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Words Can Hurt

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Birds chirped, the sun shone in our faces, we picked dandelion bouquets, we caught caterpillars and named them before setting them free, we played tag on the playground, we swung on the swings: welcome to the fifth grade. What a wonderful year. Don’t you remember? The last year of recess and “playing” (after this we’d “hang out”) and birthday parties with the whole class invited.

Well great. Now that I’ve got you in a nostalgic mood, it’s time to get you to face the darker side of fifth grade—bullying. You think it’s impossible for sweet little ten-year-olds to harbor a cruel thought in their pretty little heads? Think again.

For years of my elementary school experience I’d had trouble making friends. I was shy. But in second grade I made a friend, I’ll call her Callie. Callie and I became very close—close enough for our second grade teacher to decide to put us together with the same teacher in the third grade. Every year after that, our teachers paired us into the same class, and we became better friends; doing everything that friends are supposed to do.
My fifth grade year a third girl, I’ll call her Sam, joined my friend group. We three did everything together: we sat together at lunch, played together during recess, and colored together during art class. I don’t know what I did wrong, but for whatever reason, one day they turned against me.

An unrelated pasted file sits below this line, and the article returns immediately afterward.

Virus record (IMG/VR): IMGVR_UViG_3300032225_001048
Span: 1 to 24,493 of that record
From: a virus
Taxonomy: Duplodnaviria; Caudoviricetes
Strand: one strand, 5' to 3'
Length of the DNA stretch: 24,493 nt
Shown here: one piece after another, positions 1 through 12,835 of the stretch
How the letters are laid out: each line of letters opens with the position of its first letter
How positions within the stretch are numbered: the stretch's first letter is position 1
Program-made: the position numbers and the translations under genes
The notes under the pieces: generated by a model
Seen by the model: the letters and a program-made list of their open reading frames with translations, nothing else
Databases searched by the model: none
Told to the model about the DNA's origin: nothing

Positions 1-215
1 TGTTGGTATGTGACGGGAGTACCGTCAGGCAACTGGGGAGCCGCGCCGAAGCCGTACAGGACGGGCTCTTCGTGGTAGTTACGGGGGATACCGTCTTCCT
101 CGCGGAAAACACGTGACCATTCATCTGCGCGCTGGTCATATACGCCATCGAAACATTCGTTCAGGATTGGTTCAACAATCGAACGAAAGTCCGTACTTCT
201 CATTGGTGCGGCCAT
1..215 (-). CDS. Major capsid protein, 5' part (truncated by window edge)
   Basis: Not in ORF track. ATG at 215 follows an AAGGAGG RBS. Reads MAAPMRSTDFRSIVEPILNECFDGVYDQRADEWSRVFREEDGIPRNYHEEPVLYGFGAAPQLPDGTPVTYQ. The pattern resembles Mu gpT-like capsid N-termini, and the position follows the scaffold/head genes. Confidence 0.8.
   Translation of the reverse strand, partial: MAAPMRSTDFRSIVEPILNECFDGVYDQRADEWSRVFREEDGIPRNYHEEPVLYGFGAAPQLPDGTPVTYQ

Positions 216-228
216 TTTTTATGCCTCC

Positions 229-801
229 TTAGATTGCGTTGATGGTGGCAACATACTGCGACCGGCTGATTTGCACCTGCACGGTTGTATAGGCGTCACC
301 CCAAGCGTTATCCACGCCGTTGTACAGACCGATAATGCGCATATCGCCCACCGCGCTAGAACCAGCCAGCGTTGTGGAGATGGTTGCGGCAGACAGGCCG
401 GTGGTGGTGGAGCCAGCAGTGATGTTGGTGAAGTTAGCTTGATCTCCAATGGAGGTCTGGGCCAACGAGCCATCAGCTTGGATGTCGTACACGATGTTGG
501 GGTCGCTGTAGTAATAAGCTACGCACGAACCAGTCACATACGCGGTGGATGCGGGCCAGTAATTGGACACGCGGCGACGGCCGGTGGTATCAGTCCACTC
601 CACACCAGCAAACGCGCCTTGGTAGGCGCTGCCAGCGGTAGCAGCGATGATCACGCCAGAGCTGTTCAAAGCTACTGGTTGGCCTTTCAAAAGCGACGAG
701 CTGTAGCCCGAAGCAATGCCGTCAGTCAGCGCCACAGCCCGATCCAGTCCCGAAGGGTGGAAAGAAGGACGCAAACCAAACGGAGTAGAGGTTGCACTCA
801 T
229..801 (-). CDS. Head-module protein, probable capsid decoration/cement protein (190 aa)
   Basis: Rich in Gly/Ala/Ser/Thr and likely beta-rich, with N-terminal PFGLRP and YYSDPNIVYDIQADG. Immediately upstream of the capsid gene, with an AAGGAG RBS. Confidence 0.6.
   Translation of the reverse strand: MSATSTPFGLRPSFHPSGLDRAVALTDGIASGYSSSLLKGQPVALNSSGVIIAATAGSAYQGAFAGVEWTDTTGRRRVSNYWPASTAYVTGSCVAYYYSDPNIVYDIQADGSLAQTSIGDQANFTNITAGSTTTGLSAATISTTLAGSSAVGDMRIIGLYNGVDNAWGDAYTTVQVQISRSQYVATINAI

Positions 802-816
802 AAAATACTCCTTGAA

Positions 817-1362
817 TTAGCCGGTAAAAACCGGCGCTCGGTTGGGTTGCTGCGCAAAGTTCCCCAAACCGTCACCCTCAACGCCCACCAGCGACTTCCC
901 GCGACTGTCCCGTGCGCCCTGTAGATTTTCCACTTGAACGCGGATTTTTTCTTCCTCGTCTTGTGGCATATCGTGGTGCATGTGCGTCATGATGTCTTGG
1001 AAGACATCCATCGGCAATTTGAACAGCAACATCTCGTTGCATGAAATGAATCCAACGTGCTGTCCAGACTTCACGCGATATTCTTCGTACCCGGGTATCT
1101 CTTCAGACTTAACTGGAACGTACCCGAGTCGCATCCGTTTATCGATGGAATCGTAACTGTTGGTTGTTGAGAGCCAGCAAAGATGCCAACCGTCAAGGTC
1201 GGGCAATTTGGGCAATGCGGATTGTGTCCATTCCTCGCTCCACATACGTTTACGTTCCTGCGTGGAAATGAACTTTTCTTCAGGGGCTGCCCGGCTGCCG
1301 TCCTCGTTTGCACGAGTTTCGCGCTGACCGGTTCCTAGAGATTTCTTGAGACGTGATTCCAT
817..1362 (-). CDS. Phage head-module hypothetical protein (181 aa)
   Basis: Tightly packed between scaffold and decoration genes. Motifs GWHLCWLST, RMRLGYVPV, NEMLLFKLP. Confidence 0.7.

The first thing I remember was after a reading group and right before lunch. I had gotten a book about war, and I didn’t want to read it. Callie said that she’d gotten a war book, and Sam did too. I opened my mouth to say that at least we were suffering together, like everything we did, when Callie snapped at me to stop complaining about it already. I was heartbroken and tears filled my eyes. This was, after all, my best friend. At least Sam was still loyal to me—for now.

The next thing was fairly simple, but still just as painful. I found a note in my locker from both Callie and Sam. It was a list of all the reasons that they didn’t like me—a whole page of paper—including the fact that I was a baby and they didn’t want to be my friend. I cried, and when I wouldn’t tell my teacher what was wrong, he sent me to the counselor.
Situations similar to these happened several other days throughout the year. One day I wrote a letter telling my teacher what was going on, since I was too afraid to actually tell him what was happening. Honestly, I don’t remember exactly what happened after that; I think my teacher talked to my so-called friends to get them to stop. I won’t pretend that how they acted toward me didn’t change my life at all; it did. For the worse for a while—but now, I think it was for the better.



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